Hawaii became the 50th U.S. state on Aug. 21, 1959. The archipelagic state is in the North Pacific Ocean, 2,300 miles from the mainland. In the 19th century, Hawaii was also known as the Sandwich Islands.
The Hawaiian Archipelago comprises eight islands and atolls extending across 1,500 miles. Of these, eight high islands are considered the main islands and lie at the southeastern end of the archipelago. These islands are, from the northwest to southeast, Niihau, Kauai, Oahu, Molokai, Lanai, Kahoolawe, Maui and Hawaii. The last is by far the largest and is often called the Big Island to avoid confusion with the state name.Military Impact in Hawaii
Direct and indirect impacts of military expenditures are reported to generate $14.7 billion into Hawaii’s economy, creating more than 102,000 jobs for residents that collectively report household incomes around $8.7 billion.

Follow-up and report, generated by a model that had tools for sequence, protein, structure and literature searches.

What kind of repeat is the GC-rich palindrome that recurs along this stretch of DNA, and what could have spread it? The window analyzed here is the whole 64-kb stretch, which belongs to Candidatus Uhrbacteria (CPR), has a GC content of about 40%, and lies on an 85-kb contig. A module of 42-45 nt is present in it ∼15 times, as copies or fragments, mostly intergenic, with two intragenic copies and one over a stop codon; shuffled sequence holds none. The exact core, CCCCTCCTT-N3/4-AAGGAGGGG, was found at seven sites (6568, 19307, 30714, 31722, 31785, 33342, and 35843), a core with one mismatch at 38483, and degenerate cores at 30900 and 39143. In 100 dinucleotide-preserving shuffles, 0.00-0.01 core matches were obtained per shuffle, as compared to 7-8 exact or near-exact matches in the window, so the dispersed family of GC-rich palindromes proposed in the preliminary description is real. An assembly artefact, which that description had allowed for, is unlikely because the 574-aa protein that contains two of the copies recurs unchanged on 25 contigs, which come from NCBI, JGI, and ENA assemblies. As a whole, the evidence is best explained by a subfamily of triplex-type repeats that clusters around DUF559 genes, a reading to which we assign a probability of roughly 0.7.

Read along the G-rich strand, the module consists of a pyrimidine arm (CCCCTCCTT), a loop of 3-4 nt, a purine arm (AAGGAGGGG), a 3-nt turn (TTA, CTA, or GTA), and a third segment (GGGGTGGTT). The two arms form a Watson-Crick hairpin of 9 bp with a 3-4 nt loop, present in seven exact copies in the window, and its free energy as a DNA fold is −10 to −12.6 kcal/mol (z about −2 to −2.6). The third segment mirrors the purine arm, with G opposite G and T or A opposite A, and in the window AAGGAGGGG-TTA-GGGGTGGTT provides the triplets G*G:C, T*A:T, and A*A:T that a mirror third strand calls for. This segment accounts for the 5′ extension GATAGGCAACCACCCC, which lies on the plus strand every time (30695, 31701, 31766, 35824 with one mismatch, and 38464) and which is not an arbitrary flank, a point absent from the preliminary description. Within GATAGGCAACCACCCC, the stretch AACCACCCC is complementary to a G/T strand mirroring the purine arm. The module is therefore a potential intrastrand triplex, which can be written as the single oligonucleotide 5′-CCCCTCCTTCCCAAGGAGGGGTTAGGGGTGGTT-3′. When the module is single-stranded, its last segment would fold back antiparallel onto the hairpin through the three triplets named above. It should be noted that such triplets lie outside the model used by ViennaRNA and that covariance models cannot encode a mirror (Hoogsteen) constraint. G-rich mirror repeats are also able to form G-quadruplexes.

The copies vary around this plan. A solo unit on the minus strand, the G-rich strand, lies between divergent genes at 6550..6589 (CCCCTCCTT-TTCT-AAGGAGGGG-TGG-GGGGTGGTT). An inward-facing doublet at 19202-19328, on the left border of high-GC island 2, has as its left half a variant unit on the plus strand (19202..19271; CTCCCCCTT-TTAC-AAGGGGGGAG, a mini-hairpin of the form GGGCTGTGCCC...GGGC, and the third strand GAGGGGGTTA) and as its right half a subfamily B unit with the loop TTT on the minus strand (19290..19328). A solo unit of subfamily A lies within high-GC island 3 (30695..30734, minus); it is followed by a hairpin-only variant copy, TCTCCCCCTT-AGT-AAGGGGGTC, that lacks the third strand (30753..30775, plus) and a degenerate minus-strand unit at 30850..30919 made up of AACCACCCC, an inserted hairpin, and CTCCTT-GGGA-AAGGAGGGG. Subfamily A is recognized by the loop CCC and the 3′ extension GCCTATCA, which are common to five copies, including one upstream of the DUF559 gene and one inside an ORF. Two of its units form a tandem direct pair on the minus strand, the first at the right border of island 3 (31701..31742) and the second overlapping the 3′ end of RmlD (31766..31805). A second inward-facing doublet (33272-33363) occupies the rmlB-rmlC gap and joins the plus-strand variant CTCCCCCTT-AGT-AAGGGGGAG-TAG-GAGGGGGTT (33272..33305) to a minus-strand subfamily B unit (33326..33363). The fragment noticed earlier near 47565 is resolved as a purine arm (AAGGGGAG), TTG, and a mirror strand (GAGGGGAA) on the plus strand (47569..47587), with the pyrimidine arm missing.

Military expenditures totaling $8.8 billion annually have elevated the defense industry. Military procurement contracts amount to about $2.3 billion annually, making the military a prime source of contracting opportunities for hundreds of Hawaii’s small businesses.
• Hawaii attracts increased activity in research and development projects and the presence of the nation’s top prime defense contractors: Boeing, Lockheed Martin, Northrop Grumman, BAE Systems, General Dynamics, Raytheon and others.
• Many of Hawaii’s fledgling high-tech businesses receive federal grants through DOD programs such as those awarded by the Office of Naval Research and the Defense Advanced Research Projects Agency and mentor-protégé programs administered by prime defense contractors.